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The Top 10 French Songs of the 2010s

February 14, 2020

Since 2018, we’ve been putting together lists of the best French music by decade and… we’ve finally made it to 2020! 2020 promises to be a great year for French music. Indochine, Coeur de Pirate, Woodkid, Juliette Armanet (see below!), and even Jane Birkin will release new albums this year. Though we say this for every list, this one was particularly hard to come up with. Some artists who almost made the list include Cléa Vincent, Sébastien Tellier, Jeanne Added, Paradis, Izia and The Pirouettes. We adore their music, but we wanted to select songs that covered a variety of different genres. We also tried to pick ones for our students that will make them want to sing (and maybe even dance!) along. 

By Sophia Millman

 

“Midnight City” – M83 (2011)


Although “Midnight City” is one of the most ubiquitous songs of the 2010s–you’ve probably heard it in at least one commercial, movie, or videogame–the song’s French composer, Anthony Gonzalez, has managed to stay under the radar. There’s no Wikipedia page about him, but you can read an adorable interview with his mom in French here! According to Gonzalez, he was inspired to write “Midnight City” while driving through downtown LA. Looking at the giant buildings and screens, he felt like he was in Blade Runner. Why has “Midnight City” endured as one of the most critically-acclaimed songs of the 2010s? Probably because it draws on the best of ‘80s New Wave music, yet manages (even with a saxophone solo!) to sound incredibly modern.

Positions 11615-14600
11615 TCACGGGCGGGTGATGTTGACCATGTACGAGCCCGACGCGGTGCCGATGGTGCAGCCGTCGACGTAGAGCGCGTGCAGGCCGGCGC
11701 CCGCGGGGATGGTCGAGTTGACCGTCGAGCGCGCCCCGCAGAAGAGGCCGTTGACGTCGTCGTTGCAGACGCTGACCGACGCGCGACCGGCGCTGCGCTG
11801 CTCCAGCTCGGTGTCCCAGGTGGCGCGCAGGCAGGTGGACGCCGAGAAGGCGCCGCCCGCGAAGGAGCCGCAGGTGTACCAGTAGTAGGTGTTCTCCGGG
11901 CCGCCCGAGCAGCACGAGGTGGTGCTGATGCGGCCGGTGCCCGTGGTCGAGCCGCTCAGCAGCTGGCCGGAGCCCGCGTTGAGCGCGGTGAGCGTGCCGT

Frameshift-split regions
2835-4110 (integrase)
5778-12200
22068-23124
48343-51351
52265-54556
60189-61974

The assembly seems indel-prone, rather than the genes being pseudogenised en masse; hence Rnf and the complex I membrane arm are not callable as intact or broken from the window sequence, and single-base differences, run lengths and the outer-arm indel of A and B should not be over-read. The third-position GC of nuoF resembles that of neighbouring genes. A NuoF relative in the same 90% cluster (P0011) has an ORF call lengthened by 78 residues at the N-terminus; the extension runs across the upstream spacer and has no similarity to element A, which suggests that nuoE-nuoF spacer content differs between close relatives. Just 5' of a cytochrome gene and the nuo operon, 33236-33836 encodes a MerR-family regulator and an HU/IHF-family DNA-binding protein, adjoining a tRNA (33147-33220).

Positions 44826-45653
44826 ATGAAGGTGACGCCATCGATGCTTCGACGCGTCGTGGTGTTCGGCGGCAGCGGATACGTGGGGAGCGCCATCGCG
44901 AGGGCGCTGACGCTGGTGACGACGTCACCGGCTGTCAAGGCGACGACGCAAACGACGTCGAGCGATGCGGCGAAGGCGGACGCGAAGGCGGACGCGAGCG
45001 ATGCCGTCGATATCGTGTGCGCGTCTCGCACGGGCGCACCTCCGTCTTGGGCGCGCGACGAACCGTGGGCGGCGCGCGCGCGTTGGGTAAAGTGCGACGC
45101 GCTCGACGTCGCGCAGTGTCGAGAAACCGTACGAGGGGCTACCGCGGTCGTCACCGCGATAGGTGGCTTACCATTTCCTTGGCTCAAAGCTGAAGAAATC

“Beirut” – Ibrahim Maalouf (2011)


Born in Beirut and son of famous classical trumpeter Nassim Maalouf, Ibrahim Maalouf grew up in Paris. He studied at the city’s most prestigious conservatory, and although he draws on Western musical tradition, he plays on an unusual quarter-tone trumpet. As this article explains, the trumpet allows Maalouf to incorporate Arabic melodies into his music. Maalouf has become France’s most famous contemporary trompettiste and is adored by fans of classical jazz and fans of hip hop. He has composed soundtracks for many films, including the In the Forests of Siberia, for which he won a Cesar. “Beirut” is one of his most famous songs–listen for his homage to Led Zeppelin at the end! 

 

“Papaoutai” – Stromae (2013)